COMPARATIVE STUDY
JOURNAL ARTICLE
RESEARCH SUPPORT, NON-U.S. GOV'T
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Magnetic resonance imaging characteristics of children and adults with paediatric-onset multiple sclerosis.

Brain 2009 December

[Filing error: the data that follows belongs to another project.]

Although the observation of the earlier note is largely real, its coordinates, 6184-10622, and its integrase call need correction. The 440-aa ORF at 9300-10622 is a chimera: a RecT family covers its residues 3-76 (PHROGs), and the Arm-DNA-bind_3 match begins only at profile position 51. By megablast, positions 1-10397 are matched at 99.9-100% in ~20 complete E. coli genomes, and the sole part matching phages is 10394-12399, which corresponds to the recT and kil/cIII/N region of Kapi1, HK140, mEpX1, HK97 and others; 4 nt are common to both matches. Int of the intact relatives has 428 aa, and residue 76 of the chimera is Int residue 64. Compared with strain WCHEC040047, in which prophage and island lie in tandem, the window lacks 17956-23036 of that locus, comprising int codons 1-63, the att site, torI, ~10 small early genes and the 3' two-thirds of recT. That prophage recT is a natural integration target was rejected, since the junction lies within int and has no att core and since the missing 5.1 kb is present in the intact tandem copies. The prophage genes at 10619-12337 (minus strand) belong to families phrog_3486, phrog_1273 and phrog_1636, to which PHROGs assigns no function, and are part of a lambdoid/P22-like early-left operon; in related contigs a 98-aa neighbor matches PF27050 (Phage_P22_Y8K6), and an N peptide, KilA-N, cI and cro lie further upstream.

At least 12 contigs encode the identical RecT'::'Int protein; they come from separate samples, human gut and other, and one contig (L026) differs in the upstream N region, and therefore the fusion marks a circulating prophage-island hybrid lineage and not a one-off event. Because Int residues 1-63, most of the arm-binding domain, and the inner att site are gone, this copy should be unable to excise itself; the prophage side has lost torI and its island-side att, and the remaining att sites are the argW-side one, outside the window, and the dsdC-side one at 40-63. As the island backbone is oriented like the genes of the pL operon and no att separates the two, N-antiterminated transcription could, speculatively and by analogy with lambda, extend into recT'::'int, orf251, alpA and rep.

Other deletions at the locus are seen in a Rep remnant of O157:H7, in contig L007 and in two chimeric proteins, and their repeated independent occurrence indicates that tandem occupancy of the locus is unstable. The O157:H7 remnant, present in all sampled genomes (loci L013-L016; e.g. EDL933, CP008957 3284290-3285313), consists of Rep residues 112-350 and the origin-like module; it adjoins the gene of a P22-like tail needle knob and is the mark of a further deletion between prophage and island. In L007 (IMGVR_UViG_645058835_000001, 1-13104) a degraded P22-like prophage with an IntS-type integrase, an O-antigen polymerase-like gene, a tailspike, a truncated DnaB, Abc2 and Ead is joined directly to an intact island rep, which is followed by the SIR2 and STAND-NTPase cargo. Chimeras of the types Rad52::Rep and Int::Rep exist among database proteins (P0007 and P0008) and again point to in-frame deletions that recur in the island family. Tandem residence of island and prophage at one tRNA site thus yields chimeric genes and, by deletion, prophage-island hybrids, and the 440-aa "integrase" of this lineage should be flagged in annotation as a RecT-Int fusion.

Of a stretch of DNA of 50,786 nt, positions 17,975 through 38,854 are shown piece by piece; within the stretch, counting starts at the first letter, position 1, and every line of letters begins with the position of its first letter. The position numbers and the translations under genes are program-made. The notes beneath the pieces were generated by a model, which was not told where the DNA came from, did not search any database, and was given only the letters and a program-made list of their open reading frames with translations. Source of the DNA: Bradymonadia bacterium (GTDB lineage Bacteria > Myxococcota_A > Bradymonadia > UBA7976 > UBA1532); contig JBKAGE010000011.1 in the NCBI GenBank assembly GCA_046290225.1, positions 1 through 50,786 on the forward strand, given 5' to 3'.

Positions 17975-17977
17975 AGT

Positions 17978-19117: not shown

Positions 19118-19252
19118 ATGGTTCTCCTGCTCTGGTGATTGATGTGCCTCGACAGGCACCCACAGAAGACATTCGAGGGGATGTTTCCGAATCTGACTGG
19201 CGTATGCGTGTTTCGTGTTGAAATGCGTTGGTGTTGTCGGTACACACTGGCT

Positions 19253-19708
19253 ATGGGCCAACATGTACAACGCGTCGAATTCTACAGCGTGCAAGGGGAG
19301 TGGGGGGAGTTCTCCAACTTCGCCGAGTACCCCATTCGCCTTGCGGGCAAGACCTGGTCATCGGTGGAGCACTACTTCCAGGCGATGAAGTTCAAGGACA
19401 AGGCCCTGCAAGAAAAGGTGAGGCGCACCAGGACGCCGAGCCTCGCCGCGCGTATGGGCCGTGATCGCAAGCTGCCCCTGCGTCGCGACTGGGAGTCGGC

The purpose of this study was to compare the clinical and quantitative magnetic resonance imaging metrics of paediatric-onset multiple sclerosis to adult-onset multiple sclerosis. It was a prospective comparison of clinical and magnetic resonance imaging characteristics of two paediatric onset multiple sclerosis and two adult onset multiple sclerosis groups that were matched for disease duration. The paediatric-onset-C group consisted of children with paediatric-onset multiple sclerosis with mean disease duration of 2.7 years, whereas the paediatric onset-A group consisted of adults with mean disease duration of 20 years. The adult onset multiple sclerosis-1 and adult onset multiple sclerosis-2 groups were matched to the paediatric onset-C and paediatric onset-A groups. The brain magnetic resonance imaging measures included: T(1)-, T(2)- and gadolinium contrast-enhancing volumes and the T(2)-lesion volume relative magnetization transfer ratio, global and tissue specific white and grey matter brain atrophy and normal appearing grey and white matter magnetization transfer ratio. Regression analyses were employed for magnetic resonance imaging measures. The paediatric onset multiple sclerosis-C (n = 17) and adult onset multiple sclerosis-1 (n = 81) groups had mean disease duration values of 2.7 +/- standard deviation 2.0 and 2.6 +/- 1.1 years, respectively. The paediatric onset multiple sclerosis-A group (n = 33) and adult onset multiple sclerosis-2 group (n = 300) had mean disease durations of 20 +/- standard deviation 10.9 and 20 +/- 9.3 years, respectively. In regression analysis, the T(2)- lesion volume of the paediatric onset multiple sclerosis-C and adult onset multiple sclerosis-1 groups were similar but there was a trend toward higher T(1)- lesion volume (P = 0.028) in the paediatric onset group. The brain parenchymal fraction and grey matter fraction in the paediatric-onset multiple sclerosis-C group were higher than those for the adult onset multiple sclerosis-1 group (both P < 0.001). The frequency of progressive multiple sclerosis in the paediatric onset multiple sclerosis-A group (27.3%) trended lower (odds ratio = 0.43, P = 0.042) than that in the adult onset multiple sclerosis-2 group (46.3%). The Expanded Disability Status Scale (median; inter-quartile range) in the paediatric onset multiple sclerosis-A group (2.25; 2.5) trended lower (P = 0.058) compared with the adult onset multiple sclerosis-2 group (3.5; 4.0). There was a trend toward lower magnetization transfer ratio values in T(2)-lesions, normal appearing grey matter and normal appearing white matter and higher grey matter fraction in the paediatric onset multiple sclerosis-A group compared with the adult onset multiple sclerosis-2 group. There was no evidence for differences on T(2)-lesion volume, T(1)-lesion volume, brain parenchymal fraction or white matter fraction. Paediatric-onset multiple sclerosis is characterized by a significant disease burden both early and later in the disease course. Despite this, disability is slower to accrue in paediatric onset multiple sclerosis than adult onset multiple sclerosis.

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